Christine Clark, UC San Diego
Although slavery is commonly thought to be a thing of the past, human traffickers generate billions of dollars in profits from holding millions of people against their will throughout the world, including the United States. The International Labor Organization estimates there are nearly 21 million victims of human trafficking globally, second only to drug trafficking as the most profitable form of transnational crime.
“Human trafficking is widespread and it’s neglected,” said Ashley F. Halabi, a graduate student at UC San Diego’s School for Global Policy and Strategy (GPS). “It occurs is every country in the world. Many people have met victims of human trafficking and don’t even know it.”
Halabi and a group of other GPS graduate students teamed up to host the second annual Intercollegiate Convention Against Modern Slavery at UC San Diego. The conference with student leaders across the nation took place March 2 to 4, where they convened to discuss what is currently being done and what can be done to fight modern slavery.
“As student leaders, our duty at this conference is to understand the source and the details of these trafficking networks, and then learn the different ways we can break the silence and raise awareness to save as many lives as possible,” Halabi said at the opening reception Friday night.
The work of Halabi, along with fellow students Alisar El-rayess, Ambar Valles, Elizabeth Linn, Brenna McKee — all of whom are working towards their masters in international affairs — caught the attention of CNN. The network profiled the students for an upcoming story that will air on March 11. The story also will be posted on CNN’s Freedom Project blog in anticipation of the network’s #MyFreedomDay campaign March 14, when students across the globe are encouraged to speak out against human trafficking using the hashtag #MyFreedomDay and hold events dedicated to addressing this pressing issue.
Human trafficking is the trade in people, especially women and children, and does not necessarily involve the movement of the person from one place to another. It can come in many forms; however, all trafficking victims share one essential experience: the loss of freedom. Halabi and the other event organizers all have examined the issue in their research and co-curricular work as well.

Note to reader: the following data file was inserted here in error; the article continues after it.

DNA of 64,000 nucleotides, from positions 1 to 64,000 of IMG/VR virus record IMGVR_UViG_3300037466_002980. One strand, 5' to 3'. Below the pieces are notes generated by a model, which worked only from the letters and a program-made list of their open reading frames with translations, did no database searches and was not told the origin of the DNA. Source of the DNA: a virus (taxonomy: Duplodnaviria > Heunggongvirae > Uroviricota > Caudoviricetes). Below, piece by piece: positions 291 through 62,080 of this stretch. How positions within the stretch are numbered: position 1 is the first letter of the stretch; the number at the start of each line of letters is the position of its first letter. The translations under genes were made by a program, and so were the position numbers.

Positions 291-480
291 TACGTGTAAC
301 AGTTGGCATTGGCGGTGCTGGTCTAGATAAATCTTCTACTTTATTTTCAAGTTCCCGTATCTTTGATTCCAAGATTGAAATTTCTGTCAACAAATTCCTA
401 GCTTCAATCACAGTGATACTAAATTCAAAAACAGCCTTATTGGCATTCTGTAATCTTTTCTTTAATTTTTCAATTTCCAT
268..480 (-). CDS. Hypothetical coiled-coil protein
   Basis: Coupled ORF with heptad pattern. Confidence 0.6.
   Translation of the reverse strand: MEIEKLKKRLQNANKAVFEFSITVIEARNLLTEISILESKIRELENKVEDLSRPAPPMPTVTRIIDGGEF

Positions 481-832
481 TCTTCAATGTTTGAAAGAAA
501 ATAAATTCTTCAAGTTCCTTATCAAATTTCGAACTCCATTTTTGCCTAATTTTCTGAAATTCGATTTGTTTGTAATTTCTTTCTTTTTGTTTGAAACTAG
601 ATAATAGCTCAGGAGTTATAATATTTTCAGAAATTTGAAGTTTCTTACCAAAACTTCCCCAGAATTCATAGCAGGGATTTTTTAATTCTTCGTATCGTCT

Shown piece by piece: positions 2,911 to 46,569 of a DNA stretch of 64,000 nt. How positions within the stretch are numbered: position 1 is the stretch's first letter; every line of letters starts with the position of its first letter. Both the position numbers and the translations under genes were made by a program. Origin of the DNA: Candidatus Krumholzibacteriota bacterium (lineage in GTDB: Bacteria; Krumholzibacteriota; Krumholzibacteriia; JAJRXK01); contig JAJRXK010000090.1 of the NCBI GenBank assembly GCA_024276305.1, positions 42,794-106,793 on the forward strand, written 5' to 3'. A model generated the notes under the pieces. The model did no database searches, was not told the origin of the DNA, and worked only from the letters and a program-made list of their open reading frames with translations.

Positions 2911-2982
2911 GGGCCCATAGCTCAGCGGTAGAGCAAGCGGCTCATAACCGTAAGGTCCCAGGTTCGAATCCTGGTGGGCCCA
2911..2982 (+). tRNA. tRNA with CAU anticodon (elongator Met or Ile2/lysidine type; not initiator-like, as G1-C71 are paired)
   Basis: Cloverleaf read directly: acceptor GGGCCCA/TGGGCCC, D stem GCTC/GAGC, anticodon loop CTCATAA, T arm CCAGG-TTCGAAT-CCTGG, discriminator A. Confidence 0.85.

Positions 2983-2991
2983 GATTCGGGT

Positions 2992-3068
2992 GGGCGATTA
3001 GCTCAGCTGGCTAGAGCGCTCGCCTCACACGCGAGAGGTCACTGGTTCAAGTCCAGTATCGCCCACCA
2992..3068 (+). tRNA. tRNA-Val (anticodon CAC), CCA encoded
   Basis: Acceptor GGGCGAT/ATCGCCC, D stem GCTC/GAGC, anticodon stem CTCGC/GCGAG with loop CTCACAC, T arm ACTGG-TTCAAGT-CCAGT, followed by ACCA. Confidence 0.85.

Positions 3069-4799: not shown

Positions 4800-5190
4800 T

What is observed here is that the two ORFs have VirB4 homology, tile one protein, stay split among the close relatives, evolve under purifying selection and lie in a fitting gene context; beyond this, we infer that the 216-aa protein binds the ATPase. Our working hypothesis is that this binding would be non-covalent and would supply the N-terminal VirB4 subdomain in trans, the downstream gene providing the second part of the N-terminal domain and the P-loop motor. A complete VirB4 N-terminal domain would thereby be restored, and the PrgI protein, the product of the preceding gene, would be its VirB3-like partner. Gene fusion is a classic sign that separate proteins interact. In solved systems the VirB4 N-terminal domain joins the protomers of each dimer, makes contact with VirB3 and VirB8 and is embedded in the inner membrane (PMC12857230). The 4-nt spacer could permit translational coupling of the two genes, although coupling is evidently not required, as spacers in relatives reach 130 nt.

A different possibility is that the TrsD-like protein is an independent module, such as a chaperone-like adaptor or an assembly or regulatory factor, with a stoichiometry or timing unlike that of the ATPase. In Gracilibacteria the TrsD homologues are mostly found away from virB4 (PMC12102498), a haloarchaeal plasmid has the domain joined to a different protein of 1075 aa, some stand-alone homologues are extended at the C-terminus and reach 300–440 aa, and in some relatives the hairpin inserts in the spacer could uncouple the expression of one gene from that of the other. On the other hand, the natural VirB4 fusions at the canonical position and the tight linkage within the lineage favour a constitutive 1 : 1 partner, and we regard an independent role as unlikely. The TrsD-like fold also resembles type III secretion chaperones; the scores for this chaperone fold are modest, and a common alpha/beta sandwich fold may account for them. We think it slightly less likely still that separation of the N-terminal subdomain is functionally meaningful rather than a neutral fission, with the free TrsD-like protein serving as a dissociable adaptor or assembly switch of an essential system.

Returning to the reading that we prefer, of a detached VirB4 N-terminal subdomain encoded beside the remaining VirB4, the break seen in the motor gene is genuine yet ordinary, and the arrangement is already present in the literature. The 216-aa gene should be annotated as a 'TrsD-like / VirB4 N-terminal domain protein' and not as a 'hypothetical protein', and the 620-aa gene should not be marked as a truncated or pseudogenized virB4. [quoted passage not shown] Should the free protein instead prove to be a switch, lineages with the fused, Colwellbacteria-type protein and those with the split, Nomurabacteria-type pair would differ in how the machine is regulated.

El Rayess, who presented on the second day of the conference worked at UNHCR, the UN Refugee Agency, in Geneva over the summer. Her work addressed how humans were being trafficked from Yemen to Libya. Because trafficking is very common in those areas, El Rayess helped develop pamphlets and additional resources for families who fall victim to it.
However, as she explained to the attendees, human trafficking is more wide-spread than most people think.
“It is insane to think that in this day and age we still have slavery in almost every part of the world,” she said. “The more shocking part is how often human trafficking occurs right here in San Diego. In fact, it is among the FBI’s 13 highest child sex trafficking areas in the nation.”
She added, “Since human trafficking adversely impacts vulnerable populations and youths, it’s especially important for students to work together to put an end to this.”
Research with real-world results
The conference brought together practitioners, academics and students to frame solutions. They examined three sectors of human trafficking: sex trafficking, refugee trafficking and labor exploitation.
On Saturday and Sunday, student leaders presented their research papers and/or work experience to the experts and survivors attending the conference, a highlight for the conference organizers.
“Student presentations gave insights on how rising academics are already tackling human rights violations and trafficking concerns through data analysis, journalism, public sector program studies and legislative action — to name a few,” McKee said.
In addition, participants learned to identify the signs if someone is a victim of trafficking and labor exploitation, and how to intervene.
The first Intercollegiate Convention against Modern Slavery took place last year at Harvard University. The event was established by Collegiate Leadership in the Fight for Freedom, which the conference organizers are a part of.
“We hope to build a network of students, experts and survivors to stand against the network of modern slavery, and we hope that this conference will open your eyes to topics and realities that can help you realize the magnitude of this issue,” said Halabi. “We’ve had a great exchange between survivors of human trafficking, experts in the field and students, who will soon be making an impact in fields from policy making, to supply chain management, to government affairs.”
Education that provides tools to transform
As students studying international affairs at GPS, Halabi, El Rayess, Linn, McKee and Valles all plan to pursue careers in global business, diplomacy, nonprofits, regional development and more.
Valles, who worked in the corporate responsibility industry prior to pursuing her master’s degree is also a researcher at GPS’s Laboratory on International Law and Regulation (ILAR). She said she feels her education and research experience being gained on the ground at ILAR has helped prepare her to make an impact on the world.
“I love that our school allows us to see different dimensions of an issue,” Valles said. “Our students come from all over the world, but we are all dedicated to making a difference.”
Valles, and the other her teammates who organized the Intercollegiate Convention against Modern Slavery, personify why UC San Diego was recently designated as a Changemaker campus by Ashoka U, an initiative of the world’s largest network of social innovators. The prestigious honor recognizes the changemaking efforts taking place on campus every day — such as this group's work to curb human trafficking.